I could put you all to sleep mentioning all the supposed "where were you when" events in history that I have seen. The interesting thing about this is that many other events happen at the same time. When Martin Luther King was gunned down, in 1968, it happened a week before Spring/Easter break. I was attending The College of St. Thomas. We did not know what a leader he was, and what an impression King's life would make on us. A few months later, when Bobby Kennedy was tragically killed while running for the Presidency, I remembered that it was a hot spring week in the Twin Cities. There seemed to be nothing much to do but watch TV. That was a waste of time. It was all news.

There were some happy times with this same question. The various space launches, from the first Allen Shepherd space ride to the landing of men on the moon, in July of 1969. That was a summer family trip out west. We were staying in Rapid City SD that night. I was kind of awake, watching, and listening to what was going on. My family, being NBC TV loyalists, were watching Huntley and Brinkley reporting. So, I did not hear the famous reporting of Walter Cronkeit, excuse spelling of Walter's last name. Remember, I cannot see the print very well. The next day, we heard the lift off from the moon, as we were driving across Wyoming. We were on our way to Yellowstone Park, and then up to Montana to visit relatives and an impromptu family reunion. I believe, we even heard the splashdown while driving from Billings to White Fish MT near Glacier Park. To me, the scary thing about that lift off, was, what if the rocket did not work. The astronauts would be stranded on the moon. In reality, everything worked fine the one giant step phrase became part of American Lore.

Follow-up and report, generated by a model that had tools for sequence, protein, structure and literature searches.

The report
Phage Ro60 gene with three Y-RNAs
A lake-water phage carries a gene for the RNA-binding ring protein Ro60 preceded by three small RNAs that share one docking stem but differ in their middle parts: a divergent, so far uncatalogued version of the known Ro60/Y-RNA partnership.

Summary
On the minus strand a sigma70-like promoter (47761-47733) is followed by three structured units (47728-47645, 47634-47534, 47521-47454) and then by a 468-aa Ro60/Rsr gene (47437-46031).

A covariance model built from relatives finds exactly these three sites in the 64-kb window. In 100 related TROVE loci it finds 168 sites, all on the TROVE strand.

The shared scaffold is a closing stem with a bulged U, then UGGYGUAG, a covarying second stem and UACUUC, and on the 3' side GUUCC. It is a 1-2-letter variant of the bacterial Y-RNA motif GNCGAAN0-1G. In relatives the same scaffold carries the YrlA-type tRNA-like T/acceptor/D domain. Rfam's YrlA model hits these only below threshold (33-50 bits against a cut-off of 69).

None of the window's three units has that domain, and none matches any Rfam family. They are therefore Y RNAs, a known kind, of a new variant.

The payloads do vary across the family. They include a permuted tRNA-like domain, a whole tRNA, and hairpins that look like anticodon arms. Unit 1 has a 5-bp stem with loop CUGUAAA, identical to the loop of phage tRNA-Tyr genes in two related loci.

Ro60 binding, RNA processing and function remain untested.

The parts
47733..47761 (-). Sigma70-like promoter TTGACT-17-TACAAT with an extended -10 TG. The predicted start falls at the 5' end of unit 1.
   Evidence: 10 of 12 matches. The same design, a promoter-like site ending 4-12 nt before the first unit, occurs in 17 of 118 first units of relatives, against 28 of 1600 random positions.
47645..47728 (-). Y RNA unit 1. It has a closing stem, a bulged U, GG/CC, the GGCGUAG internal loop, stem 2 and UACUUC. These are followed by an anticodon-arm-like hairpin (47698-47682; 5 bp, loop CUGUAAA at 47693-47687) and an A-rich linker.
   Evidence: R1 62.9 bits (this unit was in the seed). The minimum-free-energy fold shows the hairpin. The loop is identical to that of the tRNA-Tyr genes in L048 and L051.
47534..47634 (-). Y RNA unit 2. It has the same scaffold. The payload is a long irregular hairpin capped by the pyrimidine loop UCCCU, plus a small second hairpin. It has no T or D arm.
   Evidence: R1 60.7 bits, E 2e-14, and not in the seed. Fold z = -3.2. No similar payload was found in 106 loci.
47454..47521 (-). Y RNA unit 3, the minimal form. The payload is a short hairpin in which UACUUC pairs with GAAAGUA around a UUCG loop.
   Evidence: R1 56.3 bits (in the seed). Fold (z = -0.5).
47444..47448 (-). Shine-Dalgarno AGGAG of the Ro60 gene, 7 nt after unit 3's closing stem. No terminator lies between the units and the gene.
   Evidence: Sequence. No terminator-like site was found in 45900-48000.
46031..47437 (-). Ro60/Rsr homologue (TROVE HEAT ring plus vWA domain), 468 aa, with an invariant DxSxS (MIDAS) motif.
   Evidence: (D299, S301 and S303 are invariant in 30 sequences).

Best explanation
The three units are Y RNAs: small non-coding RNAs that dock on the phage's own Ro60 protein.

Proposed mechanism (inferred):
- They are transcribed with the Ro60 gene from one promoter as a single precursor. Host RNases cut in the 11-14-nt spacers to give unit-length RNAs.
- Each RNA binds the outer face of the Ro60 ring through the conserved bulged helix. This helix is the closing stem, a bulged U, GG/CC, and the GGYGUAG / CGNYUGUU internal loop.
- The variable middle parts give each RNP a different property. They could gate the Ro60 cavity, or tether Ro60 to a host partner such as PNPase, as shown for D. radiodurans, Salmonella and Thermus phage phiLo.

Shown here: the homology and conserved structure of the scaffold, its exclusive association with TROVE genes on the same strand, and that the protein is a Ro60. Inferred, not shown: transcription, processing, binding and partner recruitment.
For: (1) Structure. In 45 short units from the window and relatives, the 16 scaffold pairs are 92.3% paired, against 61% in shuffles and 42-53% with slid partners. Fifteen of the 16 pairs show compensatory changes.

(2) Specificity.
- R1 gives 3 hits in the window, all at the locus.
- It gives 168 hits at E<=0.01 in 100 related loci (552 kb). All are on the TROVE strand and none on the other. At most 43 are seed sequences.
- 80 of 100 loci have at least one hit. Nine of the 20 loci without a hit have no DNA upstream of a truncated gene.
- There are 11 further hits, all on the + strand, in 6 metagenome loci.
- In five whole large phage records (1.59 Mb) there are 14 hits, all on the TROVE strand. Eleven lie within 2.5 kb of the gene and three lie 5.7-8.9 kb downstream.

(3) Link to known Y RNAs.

There were many other events that would bring this same question of where were you when, in the next 30 some years, up to now. Who knows what our children, or grand children will remember, or have to look back on. Will they be happy enjoyable, or frightening events? Only time will tell.

 

ACBM Fall Convention
By The Convention Committee

ACBM will hold a State Convention on Saturday and Sunday, October 20 and 21, 2001. The Convention will be held at the Millennium Hotel, 1313 Nicollet Ave, Minneapolis, MN. The theme for the Convention is: Advocacy, Commitment, and Betterment. Our guest speaker will be Paul Edwards, of ACB National. The program includes the following:

• Saturday morning trip to Closing the Gap.
• Saturday afternoon panel discussions.
• Saturday evening cash bar and entertainment.
• Sunday morning quarterly business meeting.
• Sunday morning topical discussion.
• Sunday noon luncheon and awards presentation.

The cost for the convention is $50 per person. If you want to attend only the Saturday events, the cost is $25 per person. If you want to attend only the Sunday events, the cost is $35 per person. For those who wish to attend but are limited financially, please contact any board member, since some scholarship money is available.

 

News Notes
By Mike Vining

Well this is a very short news notes. I am writing this article on Friday evening Sept. 14th, just three days after the shameful attack against our nation by terrorists against the World Trade Center and the Pentagon. Even though New York City and Washington DC are very far away from us in distance, we all know and are familiar with these buildings. These attacks will affect us in Minnesota. From air travel, to moneys used to fight for our freedom, to friends and relatives who may have to fight for those freedoms, that we hold dear. By the time you read this, we may know more of what will be expected of us, with heightened security etc.

Bowling

The Minneapolis Blind Bowling league is always looking for new members. If you would like to bowl, or know someone who does, have them get in touch with me. My phone number is in the memo.

Audio Dart league

On Tuesday Evenings, we play Audio Darts. If you are interested, here too, we are looking for more people. Check out the Twin City Blind Audio Dart league's web site.